It's 1973, and Press Clips Begins!

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August 2, 1973, Vol. XVIII, No. 31

Press Clips
by John Leo

[Somehow I overlooked this: in May, 1973, the Voice began its "Press Clips" column, and its first writer was John Leo. So this isn't the first of that venerable column, but it's a very early one. -- Tony O.]

SCREAMING HEADLINE on the July 16 Daily News: "Liddy May Talk, McCord Hints," which would indeed have been a good story, if true. Inside the paper, however, we got a non-story, hyped by the reporter and hyped again by the desk on a dreary news day. All McCord told the News was that since Liddy was seeing his family, and people who see their family often wish to do so again, perhaps he might consider squealing. Ten demerits for all involved.

THE CASE AGAINST TOM OLIPHANT, the Boston Globe reporter indicted on conspiracy charges by the feds in Sioux Falls for riding in a private plane that parachuted supplies into Wounded Knee, has been dropped by the Justice Department on Elliot Richardson's orders. Oliphant sees several lessons in the case: (1) the government should hire fewer, less stupid informers, (2) if he had waived extradition, with the case proceeding in South Dakota, instead of in Washington, the government might have pursued the case and avoided a lot of publicity, and (3) it's best to work for a paper that doesn't try to compromise clubby with the feds, or even turn the case over to its own lawyer. The Globe simply told Oliphant to go out and hire (at the paper's expense) the best lawyer around. Oliphant picked E. Barrett Prettyman, Jr., who decided not to waive all the technicalities, including extradition from publicity-saturated Washington, and he won.

TEDDY WHITE RIDES AGAIN. From "The Making of the President 1972": "All in all, the war, the black revolution, the prosperity, were the main incubators of change in the Liberal Idea. Their effect could be summed up in the three cardinal tenets of the Liberal Theology: (a) War is Bad...(b) Black is Good...©...Money Solves All Problems...These three tenets of the theology were, in turn, harnessed to a political doctrine called Participation...(which led to) a formless but very powerful action group within the Democratic Party that can only be called The Movement..."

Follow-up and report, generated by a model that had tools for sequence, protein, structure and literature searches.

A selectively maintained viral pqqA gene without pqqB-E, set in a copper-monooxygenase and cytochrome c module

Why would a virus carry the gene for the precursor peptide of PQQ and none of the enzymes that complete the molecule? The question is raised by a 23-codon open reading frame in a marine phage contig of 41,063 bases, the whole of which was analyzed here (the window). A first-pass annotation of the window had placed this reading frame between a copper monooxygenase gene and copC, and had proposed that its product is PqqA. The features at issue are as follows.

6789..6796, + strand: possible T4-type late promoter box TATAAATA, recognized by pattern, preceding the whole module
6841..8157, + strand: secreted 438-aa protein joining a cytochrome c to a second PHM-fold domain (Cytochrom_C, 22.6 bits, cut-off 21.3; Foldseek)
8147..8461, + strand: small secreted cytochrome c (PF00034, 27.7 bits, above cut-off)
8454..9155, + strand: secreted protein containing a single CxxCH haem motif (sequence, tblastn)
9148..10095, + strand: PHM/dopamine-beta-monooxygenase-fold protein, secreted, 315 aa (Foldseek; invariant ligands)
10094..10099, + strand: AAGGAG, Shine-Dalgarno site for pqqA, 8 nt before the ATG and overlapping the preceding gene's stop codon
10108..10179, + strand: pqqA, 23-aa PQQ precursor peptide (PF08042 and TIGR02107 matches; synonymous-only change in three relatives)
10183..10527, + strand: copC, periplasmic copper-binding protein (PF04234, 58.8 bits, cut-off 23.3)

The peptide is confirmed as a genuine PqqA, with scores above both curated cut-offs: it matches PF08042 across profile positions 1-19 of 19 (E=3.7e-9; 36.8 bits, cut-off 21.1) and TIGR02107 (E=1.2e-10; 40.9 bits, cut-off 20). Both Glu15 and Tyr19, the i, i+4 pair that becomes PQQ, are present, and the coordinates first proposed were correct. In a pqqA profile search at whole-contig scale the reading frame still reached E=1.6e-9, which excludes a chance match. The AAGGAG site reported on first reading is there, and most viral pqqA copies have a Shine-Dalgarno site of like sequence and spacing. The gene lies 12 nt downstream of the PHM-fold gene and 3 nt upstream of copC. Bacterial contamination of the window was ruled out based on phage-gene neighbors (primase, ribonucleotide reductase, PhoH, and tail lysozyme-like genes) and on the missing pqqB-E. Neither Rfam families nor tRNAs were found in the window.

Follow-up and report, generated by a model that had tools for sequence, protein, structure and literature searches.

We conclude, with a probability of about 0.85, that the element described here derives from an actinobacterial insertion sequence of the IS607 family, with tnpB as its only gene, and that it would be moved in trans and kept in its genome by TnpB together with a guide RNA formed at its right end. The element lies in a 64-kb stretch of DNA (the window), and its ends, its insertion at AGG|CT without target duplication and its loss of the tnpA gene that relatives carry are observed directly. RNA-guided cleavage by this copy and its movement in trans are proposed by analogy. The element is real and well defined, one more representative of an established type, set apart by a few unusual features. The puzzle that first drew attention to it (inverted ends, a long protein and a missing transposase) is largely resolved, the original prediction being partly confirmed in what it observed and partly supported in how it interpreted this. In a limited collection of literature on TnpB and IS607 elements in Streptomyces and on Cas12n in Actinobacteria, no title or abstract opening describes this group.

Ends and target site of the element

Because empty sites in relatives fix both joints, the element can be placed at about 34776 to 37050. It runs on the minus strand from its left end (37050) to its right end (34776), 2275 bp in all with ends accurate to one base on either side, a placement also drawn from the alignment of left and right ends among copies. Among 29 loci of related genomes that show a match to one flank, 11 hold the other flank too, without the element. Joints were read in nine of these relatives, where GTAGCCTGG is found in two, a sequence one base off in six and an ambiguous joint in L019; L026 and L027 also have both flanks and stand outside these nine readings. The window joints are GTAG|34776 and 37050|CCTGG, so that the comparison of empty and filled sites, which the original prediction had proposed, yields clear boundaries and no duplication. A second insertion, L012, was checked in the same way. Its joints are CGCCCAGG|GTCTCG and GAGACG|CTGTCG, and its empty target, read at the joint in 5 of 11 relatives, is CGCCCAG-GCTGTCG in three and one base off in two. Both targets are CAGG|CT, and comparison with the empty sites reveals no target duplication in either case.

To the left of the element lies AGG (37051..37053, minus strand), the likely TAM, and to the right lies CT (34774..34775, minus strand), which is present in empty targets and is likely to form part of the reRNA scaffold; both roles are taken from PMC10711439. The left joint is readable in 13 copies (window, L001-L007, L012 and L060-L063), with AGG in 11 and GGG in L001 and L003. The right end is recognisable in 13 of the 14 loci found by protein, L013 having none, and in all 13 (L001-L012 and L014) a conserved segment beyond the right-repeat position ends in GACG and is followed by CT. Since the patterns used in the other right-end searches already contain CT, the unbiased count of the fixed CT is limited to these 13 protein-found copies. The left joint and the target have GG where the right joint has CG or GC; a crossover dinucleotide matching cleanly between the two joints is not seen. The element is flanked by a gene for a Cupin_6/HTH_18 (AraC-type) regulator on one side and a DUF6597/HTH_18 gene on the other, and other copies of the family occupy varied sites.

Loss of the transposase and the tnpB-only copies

ONE MEASURE of Sy Hersh's status at the Times: he has been granted a leave of absence to write a book, which is virtually unheard of at the Times, and therefore resented by all those who applied for one and came up empty.

NEW TIMES, the forthcoming personal-journalism news magazine which is already being trumpeted as a major journal, has a small problem: it may not be able to call itself New Times. An alternate (nee underground) paper in Phoenix had been using the name for three years, and rushed to patent it before the new publication realized what was up. New Times (Arizona edition) bills itself as "one of a dozen or so financially solvent independent alternative newspapers serving big cities with heavy doses of local politics and music coverage." It has since had the satisfaction of engaging the new New Times in lawyerly discussions. The Arizona paper seems to be enjoying the New York journal's predicament, and told writer Tom Miller, whose piece on the subject will appear in alternate papers, that a lawyer for the New York group had flown to Phoenix and dangled the possibility of Jimmy Breslin writing for the Arizona paper if it would drop its claim to the title.

IT MAY BE that the most interesting changes come only after you hit rock bottom. The ratings of the local news on Channel 4 have been declining steadily for eight years. Endless shifting of anchormen and management personnel hasn't worked. Neither has the much-heralded team of Carl Stokes (who is lucklessly unsophisticated about New York in particular and politics in general) and Paul Udell (ditto, but long gone). Now the Nielsen sweeps for May show WNBC-TV News at a 6 rating for its 6 O'Clock News, vs. 12 for Channel 2 and 11 for Channel 7.

NOW THAT NOBODY is watching news on Channel 4, important changes may be coming. The new News Director is Earl Ubell, a survivor of the Herald-Trib, and the last outstanding beat reporter of local tv (medicine, science, and explanations of complicated matters in the news). Ubell is currently installing the first beat system at any local tv news operation. Most channels make do with a political reporter, one on health and medicine (usually the weatherman, moonlighting), maybe a consumer or arts specialist, and that's it.

THIS MEANS A TV REPORTER, however bright, usually arrives to cover a complicated housing, court, or transportation story knowing little about the subject, without much time to learn. There's always that crucifixion theft or synagogue defacement in Brooklyn he has to get to in 20 minutes. That's why Ubell's beat system may be important. He already has specialists in medicine (Field), politics (Stokes, I'm afraid), City Hall (Prisendorf), space (Hartz), and general flapdoodle (Breslin).

NOW HE IS HOLDING TRY-OUTS -- both among the staff and outside it -- for specialists in housing, environment, transportation, state government, crime, finance, welfare, and poverty, education, the arts, prisons and courts, finance, welfare and poverty, education, the arts, prisons and courts, consumer affairs, women's affairs, and minority affairs. Nice going. In addition he is joining a promising trend among tv stations by hiring print-trained investigative reporters for off-camera work.

[Each weekday morning, we post an excerpt from another issue of the Voice, going in order from our oldest archives. Visit our Clip Job archive page to see excerpts back to 1956.]

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I still have "Making of the President 1972" lying around as well as "Breach of Faith - The Fall of Richard Nixon"

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